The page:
By now I am soaked with sweat and steam is rising off me, but the bodies next to me are still turning blue with cold. No one spoke until I suggested turning the heating down a little. Amazing how certain words were used by all my passengers in harmony. Best plan was obviously get back ASAP. I put my foot down being careful to give the remaining cyclists a wide berth, partly for safety, but mainly because they were either being blown from side to side of the road or they were shaking violently from cold and wobbling like jellies.
Eventually we got back to transition and first aid. The passengers were ignored as St John’s had noticed this mad man in a tee shirt rolling around in the cold water trying to cool down after 2 hours in a sauna. I did eventually manage to persuade them I was not mad but my friendly club members did not help by insisting I was.
I finally got near the front of the queue for a drink when I remembered someone was still locked in the back of the van under all the bikes. It was a difficult call but unsure he would last much longer I went back to let him out. He just stared into space still holding the bikes refusing to move. I shouted St John’s and left them to it.
As I set off again for my long awaited brew I noticed Transition director Chris Briffa (well he says he is transition director – Aline Briffa thinks otherwise and we all know who is right). Anyway as I was saying, I saw Assistant Transition Director Chris Briffa struggling to persuade an athlete that he was not fit to go out on the run. Seeing him trying to start in his cleated cycling shoes I went over to assist. He fixed on me with the same vacant stare I had seen on so many faces over the last few hours, and then he eventually spoke:
Are you a member of Wrecsam Tri?
Do you know Tim Burrnett?
Is he here?
Tell him he is a Twonk!
He then collapsed with his head in the knee of referee Mellissa, can’t blame him for that!
Anyway, I then managed to escape for my long awaited drink before retuning to duty as the race leaders started to approach the finish.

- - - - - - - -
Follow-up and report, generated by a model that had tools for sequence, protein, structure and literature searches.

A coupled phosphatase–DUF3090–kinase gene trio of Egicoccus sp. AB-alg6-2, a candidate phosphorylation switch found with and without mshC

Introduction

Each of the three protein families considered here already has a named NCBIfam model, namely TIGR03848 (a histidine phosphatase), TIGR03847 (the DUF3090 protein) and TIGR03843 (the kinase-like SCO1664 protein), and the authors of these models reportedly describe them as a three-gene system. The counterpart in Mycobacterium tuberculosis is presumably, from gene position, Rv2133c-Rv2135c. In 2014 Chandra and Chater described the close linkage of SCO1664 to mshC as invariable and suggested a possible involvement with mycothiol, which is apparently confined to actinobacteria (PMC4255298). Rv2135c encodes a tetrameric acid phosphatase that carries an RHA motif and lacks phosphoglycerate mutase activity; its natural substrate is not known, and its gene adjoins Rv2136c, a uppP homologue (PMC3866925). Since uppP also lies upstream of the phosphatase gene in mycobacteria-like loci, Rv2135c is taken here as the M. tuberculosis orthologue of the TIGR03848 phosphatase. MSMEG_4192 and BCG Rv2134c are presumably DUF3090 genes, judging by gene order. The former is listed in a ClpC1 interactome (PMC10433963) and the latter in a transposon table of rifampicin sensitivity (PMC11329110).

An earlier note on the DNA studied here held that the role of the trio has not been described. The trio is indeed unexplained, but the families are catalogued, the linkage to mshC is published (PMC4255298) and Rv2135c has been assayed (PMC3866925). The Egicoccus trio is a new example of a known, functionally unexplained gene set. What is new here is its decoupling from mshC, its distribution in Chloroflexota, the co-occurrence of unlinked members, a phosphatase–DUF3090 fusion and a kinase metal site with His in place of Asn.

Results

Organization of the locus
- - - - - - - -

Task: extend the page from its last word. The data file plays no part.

On my return I continued to watch people arrive in transition determined to continue and finish. Some needed help removing helmets and shoes, others were too cold to put on socks and lace their own shoes, they got the help they needed and headed on their way.
It was only towards the close, as final race chips were being checked in that we realised how many had failed to finish, 50, then 75, then 100, 125, the final results showed 141 people did not complete the course.
As the race drew to a close, the final straw had to be at the presentation. We assembled everyone in the leisure centre and we were about to start when the fire alarm went off and the building was evacuated. Everyone was out in the cold rain again. When we eventually got back in, the alarm went off a further 4 times before we could finish.
Meanwhile outside, drenched marshals started to return to base, but before long they were back out in the cold rain helping dismantle transition and pack gear back into vans and trailers. It was 21:30 hrs when the last of the crew left my house after helping put everything back into storage. I was then at last able to have a hot bath, some food, some bottles of wine, and a quick scan of the first e-mails that began to flood in from athletes who had made it safely home. Have a look on our forums and enjoy - here
This write up is based on fact – there is no exaggeration. It contains no artificial colours, flavours or preservatives, but does reference several types of nuts. It is not intended to offend.
A serious write up would have been impossible as I saw very little of the race with all the distractions of the day. It is only after everyone is home safely that we can think of the funny side of events. I would much rather publish something serious from a competitor who could write an interesting review – if it is you then please feel free to send it on.
Seriously in the words of Chris Smith (remember – safety officer):
"Yesterday was definitely a day where it was better to marshal than race, there weren’t ambulances full of hypothermic marshals carted off the course! Huge respect to all who raced yesterday.
|Last Updated ( Monday, 11 July 2011 07:31 )|